Friday, May 20, 2016

The Book of Harlan

The Book of HarlanThe Book of Harlan by Bernice L. McFadden
My rating: 5 of 5 stars

Can we say six stars? This is Bernice L. McFadden's best book ever! Her prose is stunning, gliding over an epic of horrific proportions.

We meet Harlan's parents Sam Elliot, and Emma Robinson before he was conceived, while Emma was too innocent to protect herself. But they did the best they could, leaving Harlan with his doting grandmother while the young couple goes off seeking their fortune from Macon to Louisville to Michigan, returning home to Macon when Emma's father Tenant Robinson dies. When Tenant's estate is settled, Emma and Sam move on to Harlem where Emma's best friend Lucille a famous blues singer, has settled in a large home, with rooms to spare.

McFadden weaves her story around historical facts of life in Harlem with famous singers and musicians of the 1920's. When Emma and Sam go back to get Harlan to join them in Harlem, he is at first defiant, but goes with his parents to New York where he discovers a life he never imagined. When Harlan learns to play the guitar, Lucille invites him to go on the road with her. But Harlan, who never has any personal discipline was often late, or drunk, until Lucille has to fire him and send him home.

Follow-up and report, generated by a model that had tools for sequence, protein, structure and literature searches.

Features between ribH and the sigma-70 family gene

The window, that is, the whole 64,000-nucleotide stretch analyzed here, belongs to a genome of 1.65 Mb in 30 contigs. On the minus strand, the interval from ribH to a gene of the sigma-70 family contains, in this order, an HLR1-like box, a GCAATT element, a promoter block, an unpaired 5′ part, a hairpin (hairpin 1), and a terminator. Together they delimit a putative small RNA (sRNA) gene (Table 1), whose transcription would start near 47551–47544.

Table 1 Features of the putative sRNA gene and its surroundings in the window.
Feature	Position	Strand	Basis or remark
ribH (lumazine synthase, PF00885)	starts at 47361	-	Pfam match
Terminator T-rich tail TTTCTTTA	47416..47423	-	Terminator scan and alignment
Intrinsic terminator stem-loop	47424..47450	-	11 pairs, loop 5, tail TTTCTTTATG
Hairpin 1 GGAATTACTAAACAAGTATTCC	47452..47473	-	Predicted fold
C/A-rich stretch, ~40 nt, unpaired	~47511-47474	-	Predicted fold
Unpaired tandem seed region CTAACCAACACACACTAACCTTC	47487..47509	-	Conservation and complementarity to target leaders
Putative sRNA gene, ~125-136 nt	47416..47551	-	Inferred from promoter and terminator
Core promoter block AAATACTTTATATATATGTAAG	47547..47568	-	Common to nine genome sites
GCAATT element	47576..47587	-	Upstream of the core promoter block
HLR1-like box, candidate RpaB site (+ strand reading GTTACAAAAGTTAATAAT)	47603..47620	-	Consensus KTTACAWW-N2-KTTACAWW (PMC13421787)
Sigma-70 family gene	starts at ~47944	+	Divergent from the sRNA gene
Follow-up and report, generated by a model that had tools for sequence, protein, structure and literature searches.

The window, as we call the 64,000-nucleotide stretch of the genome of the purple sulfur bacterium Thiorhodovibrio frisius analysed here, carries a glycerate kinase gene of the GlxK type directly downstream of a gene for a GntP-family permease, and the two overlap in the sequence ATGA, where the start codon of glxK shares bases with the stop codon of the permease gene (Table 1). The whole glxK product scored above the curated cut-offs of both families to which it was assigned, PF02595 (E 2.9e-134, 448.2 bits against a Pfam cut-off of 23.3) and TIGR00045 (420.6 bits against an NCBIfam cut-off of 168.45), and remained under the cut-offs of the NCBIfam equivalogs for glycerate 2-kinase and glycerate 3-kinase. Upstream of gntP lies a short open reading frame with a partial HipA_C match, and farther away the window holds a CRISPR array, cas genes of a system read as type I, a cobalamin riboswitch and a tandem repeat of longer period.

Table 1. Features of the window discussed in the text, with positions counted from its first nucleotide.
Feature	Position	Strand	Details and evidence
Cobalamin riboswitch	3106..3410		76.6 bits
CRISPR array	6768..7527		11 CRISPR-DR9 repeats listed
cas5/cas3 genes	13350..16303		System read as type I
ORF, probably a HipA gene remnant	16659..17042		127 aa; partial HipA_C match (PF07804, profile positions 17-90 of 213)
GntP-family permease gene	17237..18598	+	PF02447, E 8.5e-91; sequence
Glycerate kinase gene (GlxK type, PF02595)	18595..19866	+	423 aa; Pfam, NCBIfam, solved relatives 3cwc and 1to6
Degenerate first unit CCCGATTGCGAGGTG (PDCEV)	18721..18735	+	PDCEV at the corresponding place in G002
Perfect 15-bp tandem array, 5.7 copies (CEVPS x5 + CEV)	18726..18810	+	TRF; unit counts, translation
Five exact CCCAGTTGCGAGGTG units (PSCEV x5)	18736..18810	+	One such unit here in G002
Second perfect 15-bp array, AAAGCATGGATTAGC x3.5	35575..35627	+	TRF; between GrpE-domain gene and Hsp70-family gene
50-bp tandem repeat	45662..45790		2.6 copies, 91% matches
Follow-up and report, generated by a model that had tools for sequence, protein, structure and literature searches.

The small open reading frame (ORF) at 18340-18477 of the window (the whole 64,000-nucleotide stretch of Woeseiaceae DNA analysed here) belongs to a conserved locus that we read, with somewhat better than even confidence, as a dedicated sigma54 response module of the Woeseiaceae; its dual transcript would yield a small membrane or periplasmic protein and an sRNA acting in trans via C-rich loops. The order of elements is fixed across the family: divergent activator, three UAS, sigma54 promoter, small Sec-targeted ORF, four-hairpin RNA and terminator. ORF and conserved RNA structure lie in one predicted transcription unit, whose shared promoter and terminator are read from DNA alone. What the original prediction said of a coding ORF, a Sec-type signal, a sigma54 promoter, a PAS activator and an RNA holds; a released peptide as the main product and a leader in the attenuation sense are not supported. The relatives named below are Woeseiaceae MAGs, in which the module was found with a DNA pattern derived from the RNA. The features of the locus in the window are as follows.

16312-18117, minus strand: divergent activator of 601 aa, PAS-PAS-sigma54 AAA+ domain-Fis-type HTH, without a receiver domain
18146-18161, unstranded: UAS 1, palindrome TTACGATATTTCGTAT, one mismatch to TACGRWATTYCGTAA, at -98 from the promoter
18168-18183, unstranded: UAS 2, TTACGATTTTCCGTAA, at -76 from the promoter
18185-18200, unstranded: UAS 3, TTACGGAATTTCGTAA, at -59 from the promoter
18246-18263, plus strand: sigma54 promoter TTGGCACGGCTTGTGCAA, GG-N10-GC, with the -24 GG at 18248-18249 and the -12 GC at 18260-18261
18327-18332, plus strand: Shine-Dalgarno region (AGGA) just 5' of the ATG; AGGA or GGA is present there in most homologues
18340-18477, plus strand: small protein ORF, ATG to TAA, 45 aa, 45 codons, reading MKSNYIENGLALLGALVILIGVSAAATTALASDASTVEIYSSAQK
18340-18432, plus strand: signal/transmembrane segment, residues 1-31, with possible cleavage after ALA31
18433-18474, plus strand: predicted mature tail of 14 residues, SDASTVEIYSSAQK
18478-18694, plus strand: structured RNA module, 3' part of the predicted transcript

Harlan lacked discipline, but he did love the music enough to form a jazz band. He found his partner in music in one Leo "Lizard" Rubenstein, who could play trumpet like Satchmo. Harlan called him his "brother from another mother." The band was invited to play in L'Escadrille in Montmarte in Paris. And so they went. Harlan, still lacking discipline, had a wild partying time in Paris, not aware of the Nazi invasion of France. (No spoilers here, it's in the book-blurb.)

McFadden continues the heartbreaking part of the story, leaving me in tears. The story ends in the 1960's, the Viet Nam War, "riots" in the cities, Imamu Amiri Baraka (Leroi Jones), "free love." And a wonderful denouement.


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Wednesday, May 11, 2016

Brooklyn

Brooklyn Brooklyn by Colm Tóibín
My rating: 4 of 5 stars

This was a selection from one of my book clubs, selected after it was made into a movie, and nominated for an Oscar. The movie didn't win, but many of the book club members saw the movie and read the book. Some read it before seeing the movie. I'm glad I read the book first.

Brooklyn is a coming-of-age story of young Eilis Lacey, whose sister along with a Priest recognizes there is little work in Ireland for a young woman, and help her to migrate to the US. The Priest helps her find a room in a rooming house, a job at department store, and entry into night school.

Eilis (it took me about a chapter before I stopped thinking her name was "Ellis." More on that later)...Eilis finds love at one of the weekly dances at the parish. Tragedy strikes the family back home in Ireland and Eilis goes home to help her mother for a few weeks.

I found the book to be rather slow moving, tedious at some points. The author is not specific about some of the details, and leaves it to the reader to wonder.